A recent Gallup poll shows that American Jews oppose the Iraq war at a higher rate than any religious group except African-American Protestants. According to a Jewish Week report, that may pose a problem for Hillary Clinton in what she thought was her cakewalk to the Democratic nomination:
The numbers confirm what Jewish politicos say may be the 800-pound gorilla in Jewish politics at the start of a long election season: the Iraq war. And Clinton, with a cautious centrist strategy, may be the most vulnerable Democrat.
“It’s huge — it’s the biggest barrier she has to crashing through for the nomination,” said American University historian Allan Lichtman, who has written several books on presidential politics. “Without Iraq, she would be the nominee. But it’s her Achilles heel. It’s the issue core liberal voters care about the most.”
And those voters, who will play a disproportionate role in the nominating process, include a big chunk of the Jewish electorate, he said.
Democratic sources say the well-organized Clinton campaign is aware that her cautious edging away from Bush administration Iraq policy is a problem with progressive voters. But they also believe that the risks of a more dramatic shift in her position outweigh the benefits.
The following passage notes a serious danger for Clinton which I predicted in the post I wrote about her refusal to issue an apology for her Iraq mistake:
“The Clinton people are very nervous,” said a leading Jewish Democrat. “They didn’t anticipate some of the [Democratic] opposition; they thought they had a lock on the nomination, so they could start the usual process of steering to the center for the general election early. Iraq may be more of an issue than they thought, but now she’s boxed in; she can’t change too dramatically without being called a waffler.”
No, she can’t. And it was all so unnecessary too. All she had to do is what several other candidates including Edwards have done: say she made a mistake. Americans have become wary of chief executives or wannabe chief executives who seem allergic to admitting mistakes (note GWB). Does Clinton want to risk a comparison to the champion of the I-never-make-a-mistake set?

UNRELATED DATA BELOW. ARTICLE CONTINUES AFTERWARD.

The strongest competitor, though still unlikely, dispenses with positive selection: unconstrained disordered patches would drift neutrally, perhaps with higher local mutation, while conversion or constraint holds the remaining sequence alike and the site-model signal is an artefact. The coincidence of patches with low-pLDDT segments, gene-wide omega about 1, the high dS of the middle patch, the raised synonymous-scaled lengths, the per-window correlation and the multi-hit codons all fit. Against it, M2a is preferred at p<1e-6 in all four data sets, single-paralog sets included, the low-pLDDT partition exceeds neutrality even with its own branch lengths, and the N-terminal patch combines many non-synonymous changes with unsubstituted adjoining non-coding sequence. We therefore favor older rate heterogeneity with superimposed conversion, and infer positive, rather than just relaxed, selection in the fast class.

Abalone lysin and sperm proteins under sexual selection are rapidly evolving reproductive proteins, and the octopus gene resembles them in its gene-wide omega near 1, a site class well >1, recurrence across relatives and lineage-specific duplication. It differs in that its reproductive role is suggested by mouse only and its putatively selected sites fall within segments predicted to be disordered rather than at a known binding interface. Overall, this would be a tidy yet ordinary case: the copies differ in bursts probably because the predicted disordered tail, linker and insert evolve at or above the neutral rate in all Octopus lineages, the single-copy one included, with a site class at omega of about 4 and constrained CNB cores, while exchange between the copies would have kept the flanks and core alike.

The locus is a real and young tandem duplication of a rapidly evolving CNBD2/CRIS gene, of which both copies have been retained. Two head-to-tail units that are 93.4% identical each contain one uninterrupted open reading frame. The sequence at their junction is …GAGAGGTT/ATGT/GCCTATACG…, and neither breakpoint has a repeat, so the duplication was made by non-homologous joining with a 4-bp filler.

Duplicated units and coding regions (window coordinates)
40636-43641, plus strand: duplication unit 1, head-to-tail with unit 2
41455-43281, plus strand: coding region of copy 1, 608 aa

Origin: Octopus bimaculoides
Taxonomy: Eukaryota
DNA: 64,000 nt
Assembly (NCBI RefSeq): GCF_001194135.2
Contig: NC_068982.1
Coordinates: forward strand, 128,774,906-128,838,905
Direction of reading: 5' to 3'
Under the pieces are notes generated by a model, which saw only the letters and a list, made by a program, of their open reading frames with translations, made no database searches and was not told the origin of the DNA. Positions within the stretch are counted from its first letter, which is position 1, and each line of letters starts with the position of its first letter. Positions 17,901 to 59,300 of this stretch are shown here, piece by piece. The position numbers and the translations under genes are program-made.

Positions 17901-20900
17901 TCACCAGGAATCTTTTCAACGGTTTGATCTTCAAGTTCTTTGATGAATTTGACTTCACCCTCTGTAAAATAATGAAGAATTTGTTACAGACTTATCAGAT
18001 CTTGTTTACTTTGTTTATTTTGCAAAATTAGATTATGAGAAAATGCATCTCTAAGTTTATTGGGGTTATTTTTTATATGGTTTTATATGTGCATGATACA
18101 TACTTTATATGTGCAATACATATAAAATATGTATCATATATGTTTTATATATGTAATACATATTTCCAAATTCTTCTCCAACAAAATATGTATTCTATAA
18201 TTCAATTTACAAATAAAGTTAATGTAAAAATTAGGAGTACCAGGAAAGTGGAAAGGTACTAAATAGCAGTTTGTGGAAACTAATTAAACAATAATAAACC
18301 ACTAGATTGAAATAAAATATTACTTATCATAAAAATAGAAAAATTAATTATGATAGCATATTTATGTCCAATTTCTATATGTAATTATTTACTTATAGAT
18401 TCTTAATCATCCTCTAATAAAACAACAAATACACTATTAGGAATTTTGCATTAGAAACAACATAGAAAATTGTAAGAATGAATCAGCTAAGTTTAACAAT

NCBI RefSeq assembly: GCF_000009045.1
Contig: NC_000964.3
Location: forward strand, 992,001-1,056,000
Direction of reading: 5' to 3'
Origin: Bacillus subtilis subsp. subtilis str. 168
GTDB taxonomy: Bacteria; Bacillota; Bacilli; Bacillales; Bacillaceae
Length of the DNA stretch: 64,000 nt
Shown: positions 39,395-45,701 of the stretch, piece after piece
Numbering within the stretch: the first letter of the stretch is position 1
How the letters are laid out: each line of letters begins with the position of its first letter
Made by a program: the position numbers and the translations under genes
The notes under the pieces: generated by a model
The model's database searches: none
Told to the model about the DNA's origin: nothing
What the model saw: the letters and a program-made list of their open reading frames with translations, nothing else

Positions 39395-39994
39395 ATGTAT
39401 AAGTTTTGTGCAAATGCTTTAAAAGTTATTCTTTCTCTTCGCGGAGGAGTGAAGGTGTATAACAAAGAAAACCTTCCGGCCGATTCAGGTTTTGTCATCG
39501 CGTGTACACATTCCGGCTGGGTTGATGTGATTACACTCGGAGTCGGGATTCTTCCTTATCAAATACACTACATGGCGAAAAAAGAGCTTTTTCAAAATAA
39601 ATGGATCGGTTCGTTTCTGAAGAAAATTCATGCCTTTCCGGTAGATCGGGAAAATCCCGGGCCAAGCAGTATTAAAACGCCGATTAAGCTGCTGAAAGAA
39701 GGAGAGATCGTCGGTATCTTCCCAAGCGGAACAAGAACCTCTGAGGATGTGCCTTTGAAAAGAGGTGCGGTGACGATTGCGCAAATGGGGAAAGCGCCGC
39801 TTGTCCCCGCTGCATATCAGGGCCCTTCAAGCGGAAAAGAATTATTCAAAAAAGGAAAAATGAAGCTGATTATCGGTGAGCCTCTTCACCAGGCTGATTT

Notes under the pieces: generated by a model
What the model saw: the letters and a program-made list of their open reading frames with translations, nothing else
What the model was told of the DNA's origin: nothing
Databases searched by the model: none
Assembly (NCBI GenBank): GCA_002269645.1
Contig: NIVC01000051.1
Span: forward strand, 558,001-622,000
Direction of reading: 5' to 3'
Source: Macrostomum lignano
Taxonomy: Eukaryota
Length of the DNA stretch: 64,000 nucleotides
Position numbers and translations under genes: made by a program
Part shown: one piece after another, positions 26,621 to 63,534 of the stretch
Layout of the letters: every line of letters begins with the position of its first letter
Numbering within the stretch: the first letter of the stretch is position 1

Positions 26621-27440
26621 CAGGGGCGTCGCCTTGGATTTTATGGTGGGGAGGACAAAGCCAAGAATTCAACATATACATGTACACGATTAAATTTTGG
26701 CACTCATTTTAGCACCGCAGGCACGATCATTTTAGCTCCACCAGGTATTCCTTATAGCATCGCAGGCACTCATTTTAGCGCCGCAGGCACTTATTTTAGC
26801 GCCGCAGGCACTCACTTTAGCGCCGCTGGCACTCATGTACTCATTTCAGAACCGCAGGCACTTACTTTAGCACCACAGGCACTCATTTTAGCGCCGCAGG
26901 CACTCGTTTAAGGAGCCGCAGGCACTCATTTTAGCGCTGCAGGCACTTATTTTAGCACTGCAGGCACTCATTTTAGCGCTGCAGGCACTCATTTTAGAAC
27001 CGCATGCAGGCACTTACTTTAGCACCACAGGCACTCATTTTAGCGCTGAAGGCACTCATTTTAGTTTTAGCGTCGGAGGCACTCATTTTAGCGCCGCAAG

The report notes that candidates like Obama stand to gain from such Clinton missteps. However, I was disappointed to read this synopsis of what he plans to say to an AIPAC crowd tomorrow in Chicago:
While campaign sources say Obama will seek to bolster his pro-Israel credentials with the usual expressions of support for Israel, disappointment with the Palestinians and concern about Iran, he will also raise the issue of Iraq, which campaign strategists believe will resonate even with strongly pro-Israel Jews.
“The focus will be regional,” said an Obama adviser this week. “He will talk about helping Israel in the search for peace partners, about security, about Hamas, but he will also talk about Iran and Iraq. His proposals on Iraq will be very relevant.”
The candidate will also talk about “opportunities missed” as the Bush administration stayed on the sidelines in the Israeli-Palestinian conflict, this source said.
A few of us like M.J. Rosenberg and I had hoped after Obama’s independent 60 Minutes interview in which he’d come out in favor of negotiations with Iran and Syria, that he might be a candidate of a different stripe, willing to take on AIPAC. We were all too eager to believe that finally a pol had the guts to do that. Perhaps our hope was premature. We’ll wait to read what he actually says before we cry in our beer.
On a slightly different subject, I just wanted to say that Barack Obama seems to have an entirely opposite problem to John Edwards regarding bloggers. Edwards wanted to embrace them so eagerly his campaign got itself into some hot water. Obama’s campaign, at least judging from my treatment, doesn’t know that we exist. In writing my recent Obama essay for The Guardian’s CommentisFree blog I tried to contact his press office seeking photos of his last trip to Israel and the West Bank. No one from his press office ever returned my call. Then I thought I’d call to speak with his new Jewish outreach coordinator, Dan Shapiro, to inform him about the Guardian essay. The press office didn’t even know who Dan Shapiro was, let alone help me contact him. A few days after they said they would locate him, they haven’t called back.
Apparently, James Besser has a lot better entre to Shapiro than I do, as the latter appears to have been the reporter’s source for the passage I quoted above. I’m not saying the campaign should be at my beck and call and I do understand that a presidential campaign is probably a madhouse. But I sure hope Obama’s press office starts learning the ropes and is more responsive to supportive bloggers like this one in the future.